In the future we all will be part-robots. My predictions are that in a thousand years we will [physically] disappear from this world – says Richard van Hooijdonk in an interview with z Michał Rolecki and Anna Zagórna
From a purely technical point of view, we are quite well advanced in bionics. We are getting a lot of progress, better computer technologies, better battery powers. But our benchmark is the performance of healthy people. And from that point of view, we are still far away, says Robert Riener in conversation with Maciej Chojnowski
Robots are the future of orthopedics. If a hospital in a state in the USA buys a robot and others don’t, 30 percent of their patients move to where the machine is used for operations. We’ve seen one of such robots in… Ostrów Mazowiecka.
The thing that makes people attracted to transhumanism is often the longing for their loved ones or the fear to lose them, says Ada Florentyna Pawlak in conversation with Monika Redzisz.
From a curt question “What do you want to treat here?” asked by a famous fellow doctor to unique research financed by the European Union. With the discovery of professor Sergiusz Jóźwiak and his colleagues, doctors can now generate a report on the prognosis for hospitalized children by simply pressing a button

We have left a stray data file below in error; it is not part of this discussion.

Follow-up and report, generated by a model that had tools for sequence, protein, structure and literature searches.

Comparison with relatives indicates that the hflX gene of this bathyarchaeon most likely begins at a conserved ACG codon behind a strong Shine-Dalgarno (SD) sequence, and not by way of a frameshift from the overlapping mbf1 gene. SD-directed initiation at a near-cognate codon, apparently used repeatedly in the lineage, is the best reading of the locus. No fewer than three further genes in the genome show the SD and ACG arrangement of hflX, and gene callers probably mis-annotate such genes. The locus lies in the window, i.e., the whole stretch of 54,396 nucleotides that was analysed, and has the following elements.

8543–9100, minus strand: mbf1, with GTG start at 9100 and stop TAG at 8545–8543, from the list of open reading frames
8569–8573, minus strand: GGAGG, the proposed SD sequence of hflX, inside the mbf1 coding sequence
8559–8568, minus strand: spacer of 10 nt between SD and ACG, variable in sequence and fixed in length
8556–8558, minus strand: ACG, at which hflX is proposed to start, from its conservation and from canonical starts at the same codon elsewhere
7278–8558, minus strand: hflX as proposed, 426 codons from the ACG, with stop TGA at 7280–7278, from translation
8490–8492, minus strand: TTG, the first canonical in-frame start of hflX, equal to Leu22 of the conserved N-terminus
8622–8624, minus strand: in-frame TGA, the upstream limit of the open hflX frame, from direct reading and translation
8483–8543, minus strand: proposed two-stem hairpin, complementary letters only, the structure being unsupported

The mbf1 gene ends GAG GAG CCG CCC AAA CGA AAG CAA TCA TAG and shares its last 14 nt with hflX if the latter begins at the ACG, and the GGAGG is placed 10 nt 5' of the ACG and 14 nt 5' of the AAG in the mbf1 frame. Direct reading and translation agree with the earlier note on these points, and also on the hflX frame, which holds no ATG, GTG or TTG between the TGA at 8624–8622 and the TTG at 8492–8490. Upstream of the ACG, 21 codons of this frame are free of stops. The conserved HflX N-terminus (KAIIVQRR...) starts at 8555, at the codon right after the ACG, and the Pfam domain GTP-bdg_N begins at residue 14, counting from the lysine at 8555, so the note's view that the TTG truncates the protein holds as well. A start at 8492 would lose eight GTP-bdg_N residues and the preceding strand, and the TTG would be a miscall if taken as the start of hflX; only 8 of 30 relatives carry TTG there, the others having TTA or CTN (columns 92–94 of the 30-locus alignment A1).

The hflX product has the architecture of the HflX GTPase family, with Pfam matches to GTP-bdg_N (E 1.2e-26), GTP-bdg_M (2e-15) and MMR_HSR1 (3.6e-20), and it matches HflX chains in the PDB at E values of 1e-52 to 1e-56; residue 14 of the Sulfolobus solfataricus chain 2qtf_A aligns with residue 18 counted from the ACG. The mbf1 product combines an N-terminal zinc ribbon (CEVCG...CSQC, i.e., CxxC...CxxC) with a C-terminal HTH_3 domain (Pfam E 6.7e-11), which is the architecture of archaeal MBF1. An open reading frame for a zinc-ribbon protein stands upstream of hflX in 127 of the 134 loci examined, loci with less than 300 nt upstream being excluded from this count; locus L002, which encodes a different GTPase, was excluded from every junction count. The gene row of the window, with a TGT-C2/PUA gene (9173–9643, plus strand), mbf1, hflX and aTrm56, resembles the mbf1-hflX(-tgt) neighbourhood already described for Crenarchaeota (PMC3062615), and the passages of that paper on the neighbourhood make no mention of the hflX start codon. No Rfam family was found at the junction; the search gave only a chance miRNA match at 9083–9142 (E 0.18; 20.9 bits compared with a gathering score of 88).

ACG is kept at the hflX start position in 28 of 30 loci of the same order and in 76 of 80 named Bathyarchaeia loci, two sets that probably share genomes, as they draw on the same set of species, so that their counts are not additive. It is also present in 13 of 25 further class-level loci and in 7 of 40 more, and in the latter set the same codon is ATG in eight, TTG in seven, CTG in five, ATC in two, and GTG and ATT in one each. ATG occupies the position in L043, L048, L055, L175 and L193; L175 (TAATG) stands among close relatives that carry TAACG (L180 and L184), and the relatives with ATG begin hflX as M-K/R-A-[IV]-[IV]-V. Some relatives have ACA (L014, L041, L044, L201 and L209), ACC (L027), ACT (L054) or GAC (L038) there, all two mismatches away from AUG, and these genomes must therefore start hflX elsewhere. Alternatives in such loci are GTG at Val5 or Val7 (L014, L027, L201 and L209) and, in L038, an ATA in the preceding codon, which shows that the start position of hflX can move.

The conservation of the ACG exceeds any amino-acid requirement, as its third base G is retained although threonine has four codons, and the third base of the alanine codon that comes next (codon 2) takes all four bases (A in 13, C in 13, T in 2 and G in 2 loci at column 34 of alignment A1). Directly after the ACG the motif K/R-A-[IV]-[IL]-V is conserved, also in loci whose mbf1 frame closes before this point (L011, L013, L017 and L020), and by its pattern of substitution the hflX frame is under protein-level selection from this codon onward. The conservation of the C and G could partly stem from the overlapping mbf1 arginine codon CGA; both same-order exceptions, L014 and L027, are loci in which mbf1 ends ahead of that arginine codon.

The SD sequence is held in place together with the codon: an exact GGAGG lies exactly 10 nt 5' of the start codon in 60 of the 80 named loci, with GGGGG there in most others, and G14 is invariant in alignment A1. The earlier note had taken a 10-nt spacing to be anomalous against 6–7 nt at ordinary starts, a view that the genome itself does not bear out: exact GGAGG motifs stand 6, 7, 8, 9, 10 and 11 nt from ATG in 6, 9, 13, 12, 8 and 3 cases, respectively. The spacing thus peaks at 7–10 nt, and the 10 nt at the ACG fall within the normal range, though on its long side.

If an algorithm has been used to make a decision that concerns us, we have the right to know about it. We can’t simply give up and say: “This is artificial intelligence and only artificial intelligence knows what to do”, says Agata Foryciarz, an IT specialist from Stanford University, in conversation with Monika Redzisz.
Above the patient’s body, suspended in the air, levitates his magnified, semi-transparent heart. Ideas straight out of science-fiction movies are becoming the reality of 21st century medicine before our very eyes.
“Artificial intelligence may provide more effective treatment than any psychiatrist in the world. Combining diagnostic AI with therapeutic AI will create a super-psychiatrist,” says professor Marek Krzystanek, pioneer of telemedicine in Poland, in an interview with Monika Redzisz.
An intelligent tool created by a group of researchers from Kraków helps to diagnose autism in children. It has already been implemented by some European centers in Sweden and Great Britain.